Gates Money and Common Core– Part V
This post is the fifth in a series on Bill Gates’ funding of the Common Core State Standards (CCSS). As of September 22, 2013, Gates has spent $173.5 million expressly for CCSS according to the Gates grants search engine.
The first post includes CCSS background and Gates funding for key players at the CCSS planning table, including the National Governors Association (NGA) and the Council of Chief State School Officers (CCSSO), and also both teachers unions, the American Federation of Teachers (AFT) and the National Education Association (NEA).
In my second installment, I examine Gates CCSS funding of organizations that influence state departments of education and school districts.
The third involves Gates CCSS funding to state departments of education and school districts.
The fourth post documents Gates CCSS funding to universities. In this fifth post, I examine Gates CCSS funding to foundations and institutes.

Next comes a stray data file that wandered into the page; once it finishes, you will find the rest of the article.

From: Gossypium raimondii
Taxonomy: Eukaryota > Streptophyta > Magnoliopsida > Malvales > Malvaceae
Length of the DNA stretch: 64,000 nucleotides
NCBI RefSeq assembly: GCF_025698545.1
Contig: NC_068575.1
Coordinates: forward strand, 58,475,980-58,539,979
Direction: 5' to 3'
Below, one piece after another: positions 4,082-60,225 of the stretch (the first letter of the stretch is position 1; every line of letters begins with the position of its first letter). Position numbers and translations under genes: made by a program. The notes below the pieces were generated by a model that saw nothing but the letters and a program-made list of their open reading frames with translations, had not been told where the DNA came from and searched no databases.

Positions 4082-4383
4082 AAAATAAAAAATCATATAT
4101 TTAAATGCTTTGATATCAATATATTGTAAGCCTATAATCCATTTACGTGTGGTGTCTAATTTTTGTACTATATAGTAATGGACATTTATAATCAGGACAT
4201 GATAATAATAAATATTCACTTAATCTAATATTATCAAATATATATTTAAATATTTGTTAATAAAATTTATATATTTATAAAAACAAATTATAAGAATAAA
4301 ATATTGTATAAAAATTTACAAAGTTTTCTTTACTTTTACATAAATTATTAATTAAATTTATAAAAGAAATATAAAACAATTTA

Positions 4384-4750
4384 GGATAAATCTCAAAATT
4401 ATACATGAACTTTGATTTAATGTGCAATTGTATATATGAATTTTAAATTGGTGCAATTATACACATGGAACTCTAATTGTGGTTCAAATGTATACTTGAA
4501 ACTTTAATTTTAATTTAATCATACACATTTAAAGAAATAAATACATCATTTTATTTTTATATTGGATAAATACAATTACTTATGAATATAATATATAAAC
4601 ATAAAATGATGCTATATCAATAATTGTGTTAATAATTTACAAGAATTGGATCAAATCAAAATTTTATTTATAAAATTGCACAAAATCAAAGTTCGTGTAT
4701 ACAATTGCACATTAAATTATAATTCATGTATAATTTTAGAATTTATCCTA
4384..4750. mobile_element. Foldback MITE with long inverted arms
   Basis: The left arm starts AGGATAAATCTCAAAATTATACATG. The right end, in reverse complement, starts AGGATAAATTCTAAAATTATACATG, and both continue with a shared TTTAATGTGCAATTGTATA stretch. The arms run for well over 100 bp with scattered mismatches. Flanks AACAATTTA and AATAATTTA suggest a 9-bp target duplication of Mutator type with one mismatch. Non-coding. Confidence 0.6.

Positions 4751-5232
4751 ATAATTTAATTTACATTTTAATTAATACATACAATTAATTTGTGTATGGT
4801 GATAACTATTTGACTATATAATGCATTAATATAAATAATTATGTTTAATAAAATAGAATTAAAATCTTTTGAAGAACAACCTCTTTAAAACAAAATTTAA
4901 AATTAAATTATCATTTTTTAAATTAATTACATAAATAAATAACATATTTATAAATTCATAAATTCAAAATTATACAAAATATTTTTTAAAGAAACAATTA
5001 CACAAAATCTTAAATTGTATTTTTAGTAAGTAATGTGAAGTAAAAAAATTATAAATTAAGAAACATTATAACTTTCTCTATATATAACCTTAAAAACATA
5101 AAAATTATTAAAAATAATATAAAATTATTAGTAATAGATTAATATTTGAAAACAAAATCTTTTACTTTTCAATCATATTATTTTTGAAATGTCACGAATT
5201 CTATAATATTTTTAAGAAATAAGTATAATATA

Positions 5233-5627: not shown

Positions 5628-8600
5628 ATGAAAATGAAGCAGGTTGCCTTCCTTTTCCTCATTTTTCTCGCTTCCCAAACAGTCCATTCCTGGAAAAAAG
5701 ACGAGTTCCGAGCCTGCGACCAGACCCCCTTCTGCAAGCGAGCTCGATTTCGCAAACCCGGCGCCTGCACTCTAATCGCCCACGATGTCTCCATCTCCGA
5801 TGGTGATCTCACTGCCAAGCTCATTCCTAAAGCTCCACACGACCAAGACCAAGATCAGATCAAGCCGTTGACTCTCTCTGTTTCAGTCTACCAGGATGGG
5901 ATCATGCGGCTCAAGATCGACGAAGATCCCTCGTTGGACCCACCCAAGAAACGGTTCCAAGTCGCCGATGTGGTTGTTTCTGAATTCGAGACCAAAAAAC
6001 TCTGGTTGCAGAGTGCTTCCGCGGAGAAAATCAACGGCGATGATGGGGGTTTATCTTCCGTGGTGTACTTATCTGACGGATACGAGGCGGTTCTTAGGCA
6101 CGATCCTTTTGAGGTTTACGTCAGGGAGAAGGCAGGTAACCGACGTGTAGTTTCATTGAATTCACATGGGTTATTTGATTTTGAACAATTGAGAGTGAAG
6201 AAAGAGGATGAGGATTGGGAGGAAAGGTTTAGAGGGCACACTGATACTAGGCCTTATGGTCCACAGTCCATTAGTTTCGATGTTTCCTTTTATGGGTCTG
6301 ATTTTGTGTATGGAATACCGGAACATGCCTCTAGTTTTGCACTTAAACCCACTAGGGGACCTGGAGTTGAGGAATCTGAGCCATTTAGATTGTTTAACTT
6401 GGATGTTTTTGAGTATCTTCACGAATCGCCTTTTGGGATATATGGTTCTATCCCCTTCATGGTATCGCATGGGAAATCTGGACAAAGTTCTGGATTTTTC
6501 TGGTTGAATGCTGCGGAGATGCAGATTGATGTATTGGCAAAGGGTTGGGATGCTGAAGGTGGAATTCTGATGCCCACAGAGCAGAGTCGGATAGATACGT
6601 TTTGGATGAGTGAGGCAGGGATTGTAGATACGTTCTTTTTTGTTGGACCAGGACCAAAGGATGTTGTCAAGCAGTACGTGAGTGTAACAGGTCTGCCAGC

Defining Foundation and Institute
And now, for some brief definitions. First, a word on what a foundation is:
A foundation is a non-governmental entity that is established as a nonprofit corporation or a charitable trust, with a principal purpose of making grants to unrelated organizations, institutions, or individuals for scientific, educational, cultural, religious, or other charitable purposes. This broad definition encompasses two foundation types: private foundations and grantmaking public charities.
Gates is funding CCSS via grants through his Bill and Melinda Gates Foundation. Thus, it is possible for one foundation to give money to another foundation. Organizations create associated foundations [501(c)3] for the tax breaks available to nonprofits.
For example, both AFT and NEA have foundations; in donating to AFT and NEA, Gates donated to the AFT and NEA foundations.